OAKLAND -- A little more than a decade ago, some Bishop O'Dowd High School teachers -- along with a lot of their students -- combined vision, shovels, strength and stamina to transform a hillside on the north side of the campus into the Living Lab, 4.5 acres of plants and wildlife that serve as an outdoor science classroom.

The fact is, students long have played a role in shaping the O'Dowd campus into what it is today. Most recently, a group of O'Dowd students helped prepare the materials that will go toward construction of the school's long-anticipated Center for Environmental Studies.

A groundbreaking ceremony will take place at 2:30 p.m. Thursday, with the 5,000-square-foot center slated for completion in December or early 2014. Once complete, the center will offer O'Dowd the opportunity to expand and enhance its science curriculum. The new building -- also on the north side of the campus -- promises to have other perks, too.

"It offers us a beautiful view overlooking San Francisco and the East Bay," O'Dowd President Dr. Stephen Phelps said.

To make way for the environmental center, professional arborists had to remove a number of trees, primarily Monterey and canary pines and coast live oaks that had rimmed the campus for more than five decades.


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The trees had a campus legacy all their own, as students from O'Dowd's class of 1956 -- the second graduating class in school history -- had planted those trees as saplings as part of a detention.

But the felled trees did not have far to go, having been cut into manageable lengths and then crafted into lumber on a portable sawmill brought to the campus. Once cured, the boards will serve as paneling, ceilings, walls, benches and decks for the environmental center. Current students (not serving detention), along with some teachers and parent volunteers, helped in the task.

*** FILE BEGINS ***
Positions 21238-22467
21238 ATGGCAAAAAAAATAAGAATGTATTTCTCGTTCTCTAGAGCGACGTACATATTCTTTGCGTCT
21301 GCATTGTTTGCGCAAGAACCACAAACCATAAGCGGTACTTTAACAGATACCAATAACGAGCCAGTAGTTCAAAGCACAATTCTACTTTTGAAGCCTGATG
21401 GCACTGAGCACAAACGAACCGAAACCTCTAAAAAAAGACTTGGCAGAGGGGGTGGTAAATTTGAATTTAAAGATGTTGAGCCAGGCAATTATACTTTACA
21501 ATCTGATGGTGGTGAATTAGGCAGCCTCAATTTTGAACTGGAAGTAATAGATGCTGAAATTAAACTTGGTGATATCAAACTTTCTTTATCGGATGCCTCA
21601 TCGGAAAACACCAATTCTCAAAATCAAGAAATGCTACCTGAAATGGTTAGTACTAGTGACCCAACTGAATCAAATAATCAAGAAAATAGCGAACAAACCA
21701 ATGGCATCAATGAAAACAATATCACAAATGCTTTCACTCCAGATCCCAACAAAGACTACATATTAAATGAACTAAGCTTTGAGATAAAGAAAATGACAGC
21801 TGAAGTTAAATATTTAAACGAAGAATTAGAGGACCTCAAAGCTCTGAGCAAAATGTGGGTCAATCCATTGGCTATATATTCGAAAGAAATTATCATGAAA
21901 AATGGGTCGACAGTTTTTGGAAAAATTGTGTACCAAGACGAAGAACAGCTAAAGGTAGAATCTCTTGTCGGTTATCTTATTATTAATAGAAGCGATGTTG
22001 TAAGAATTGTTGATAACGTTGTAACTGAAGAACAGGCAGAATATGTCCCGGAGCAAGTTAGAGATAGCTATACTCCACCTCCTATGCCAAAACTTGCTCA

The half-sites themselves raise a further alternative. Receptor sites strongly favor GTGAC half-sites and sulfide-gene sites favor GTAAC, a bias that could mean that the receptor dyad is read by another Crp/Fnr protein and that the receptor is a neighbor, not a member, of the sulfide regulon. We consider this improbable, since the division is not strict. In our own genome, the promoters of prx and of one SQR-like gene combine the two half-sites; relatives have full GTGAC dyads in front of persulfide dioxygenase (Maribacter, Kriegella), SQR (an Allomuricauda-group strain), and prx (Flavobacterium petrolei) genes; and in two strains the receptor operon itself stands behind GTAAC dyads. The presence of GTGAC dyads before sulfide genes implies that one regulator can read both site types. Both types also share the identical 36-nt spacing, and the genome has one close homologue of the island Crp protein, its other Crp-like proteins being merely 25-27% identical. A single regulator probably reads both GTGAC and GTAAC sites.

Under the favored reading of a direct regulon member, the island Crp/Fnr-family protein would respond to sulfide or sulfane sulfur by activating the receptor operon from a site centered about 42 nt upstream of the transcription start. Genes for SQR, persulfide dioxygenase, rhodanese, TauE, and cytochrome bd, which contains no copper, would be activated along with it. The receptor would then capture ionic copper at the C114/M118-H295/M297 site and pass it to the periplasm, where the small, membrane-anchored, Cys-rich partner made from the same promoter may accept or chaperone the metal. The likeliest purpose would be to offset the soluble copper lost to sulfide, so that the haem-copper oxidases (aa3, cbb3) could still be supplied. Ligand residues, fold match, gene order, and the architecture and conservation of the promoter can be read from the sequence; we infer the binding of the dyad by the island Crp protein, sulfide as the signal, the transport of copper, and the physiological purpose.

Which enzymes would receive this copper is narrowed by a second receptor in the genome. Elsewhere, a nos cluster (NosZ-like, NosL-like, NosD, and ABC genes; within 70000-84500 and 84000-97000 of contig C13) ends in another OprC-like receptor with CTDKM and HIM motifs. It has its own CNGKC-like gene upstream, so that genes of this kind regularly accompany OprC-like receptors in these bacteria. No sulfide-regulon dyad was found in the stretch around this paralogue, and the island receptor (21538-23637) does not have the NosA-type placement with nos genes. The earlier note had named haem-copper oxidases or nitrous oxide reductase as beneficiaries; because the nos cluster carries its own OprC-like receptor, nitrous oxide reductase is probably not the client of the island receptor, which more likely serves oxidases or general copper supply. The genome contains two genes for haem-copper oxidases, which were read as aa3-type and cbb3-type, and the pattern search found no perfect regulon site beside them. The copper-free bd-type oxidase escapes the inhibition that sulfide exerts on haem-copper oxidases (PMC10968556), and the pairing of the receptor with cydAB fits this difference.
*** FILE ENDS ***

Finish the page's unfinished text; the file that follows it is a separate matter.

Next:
"We sorted out the boards and put them in snickering -- stacking the wood in a way that allows air to go between the boards," senior Henry Cagigas said.

"It took about four hours to stack (the lumber)," added fellow senior Catherine Vegis. "It was exciting; it was fun. We call it a closed-loop system. We're not going to just throw (the lumber) away, we're going to use it in the building."

Not all parts of the trees were usable for the project. But nothing went to waste. Branches from the oaks went to the nearby Oakland Zoo as food for the elephants, who consider them a delicacy. Pine branches will go into making walking sticks, some of which O'Dowd plans to present to those class of 1956 students who planted the saplings. Finally, any leftover scraps were turned into mulch, which the school plans to use to build soil and protect against weeds and erosion in the Living Lab.

O'Dowd's current seniors will have graduated by the time the environmental center opens. Still, many will leave the school knowing they played a key role in its history.

"In the near future, I would like to return and see how it (the environmental center) develops," Cagigas said.